Figure: Arttu Paarlahti

RELATE, Academy of Finland, Centre of Excellence, research group on changing state spaces 2014-2019.

This project is funded by the Academy of Finland and brings together geographers in three Finnish universities: Oulu, Tampere and Helsinki. Our team at the Helsinki University interrogates spatial transformation of states, cities and supranational political entities. We are interested in the ways in which states and cities are currently being transnationalized, and how this transformation takes place through the inherited “national” welfare state structures. Empirically, we focus in particular on ‘statist’ social practices of spatial planning, regional development, education and the co called knowledge-based economy. The team has contributed to the coming together of the ‘networked’ and the ‘territorial’ in the social practices constitutive of state spaces and supranational polities such as the European Union.

Scholarly work in the research team has clustered around four empirical focus areas: spatial dynamics of the knowledge-based economy, the European spatial planning system, statist practices of health care systems, and the practices of local government and co-operation in north European border regions. The team continues to develop these areas of interest with an explicit goal to contribute to the scholarly and public debates concerned with the geopolitical dynamics of the contemporary condition in general and the changing geographical forms of the city, state and the EU in particular.

IMAJINE – Integrative Mechanisms for Addressing Spatial Justice and Territorial Inequalities in Europe

IMAJINE (Integrative Mechanisms for Addressing Spatial Justice and Territorial Inequalities in Europe) is a new Horizon 2020 project starting in January 2017. With a budget of just under €5 million and a five year timescale, IMAJINE is one of the largest social science grants to have been awarded in Horizon 2020 or its predecessor Framework Programmes.

The core aim of IMAJINE is to formulate new integrative policy mechanisms to enable European, national and regional government agencies to more effectively address territorial inequalities within the European Union, and to imagine a future for European regions in which the distribution of resources is consistent with principles of social and spatial justice.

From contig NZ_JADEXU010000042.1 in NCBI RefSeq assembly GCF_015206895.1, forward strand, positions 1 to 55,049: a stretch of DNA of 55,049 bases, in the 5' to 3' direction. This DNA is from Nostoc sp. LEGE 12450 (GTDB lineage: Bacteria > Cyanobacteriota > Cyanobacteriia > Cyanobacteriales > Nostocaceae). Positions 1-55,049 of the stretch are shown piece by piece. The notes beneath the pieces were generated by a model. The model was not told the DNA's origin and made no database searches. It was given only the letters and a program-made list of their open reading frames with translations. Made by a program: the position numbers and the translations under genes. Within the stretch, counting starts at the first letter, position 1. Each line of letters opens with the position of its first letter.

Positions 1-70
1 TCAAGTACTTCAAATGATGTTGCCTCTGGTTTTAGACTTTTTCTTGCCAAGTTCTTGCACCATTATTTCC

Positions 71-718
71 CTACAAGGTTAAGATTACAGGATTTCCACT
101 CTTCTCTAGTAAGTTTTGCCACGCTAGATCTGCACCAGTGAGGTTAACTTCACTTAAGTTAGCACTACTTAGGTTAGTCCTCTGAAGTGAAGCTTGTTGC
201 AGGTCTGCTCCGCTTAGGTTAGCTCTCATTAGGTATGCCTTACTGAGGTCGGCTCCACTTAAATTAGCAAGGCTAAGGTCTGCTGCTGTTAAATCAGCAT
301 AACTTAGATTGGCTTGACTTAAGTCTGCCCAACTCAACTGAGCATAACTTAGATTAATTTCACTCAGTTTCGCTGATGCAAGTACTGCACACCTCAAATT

Territorial cohesion is a guiding principle for EU policy, alongside social cohesion and economic cohesion, yet in recent years territorial inequalities within the EU have widened as the post-2008 economic crisis and adoption of austerity policies have had an uneven geographical impact. There is, accordingly, a pressing need to re-appraise the appropriateness and efficacy of existing policy instruments for tackling territorial inequalities, and to consider and develop alternative mechanisms. In order to achieve this aim, IMAJINE will adopt a multi-disciplinary approach that combines qualitative and quantitative data and macro-scale analysis and case study research, involving economists, geographers, political scientists, psychologists and sociologists.

The work programme of the IMAJINE will be delivered through ten work packages of which the University of Helsinki is leading the WP 1 (Conceptual and Policy Review). In this WP our research team in Helsinki uses interviews and document analysis to outline the development and conceptualisation of ‘Spatial Justice’ and ‘Territorial Inequality’ in EU policy.

The multifaceted relationship between municipalities and universities, 2016-2017

This project is funded by Kunnallisalan kehittämisssäätiö. In this project we examine the complex relationship between municipalities and universities in the contemporary political-economic setting. More specifically, we focus on this relationship in three Finnish cities (Vaasa, Jyväskylä and Oulu). The central idea of the project is to provide new scholarly insights on the local role of universities in a political context which highlights the importance of internationalization of both education and research.

More information: Professor of Spatial planning and policy, Sami Moisio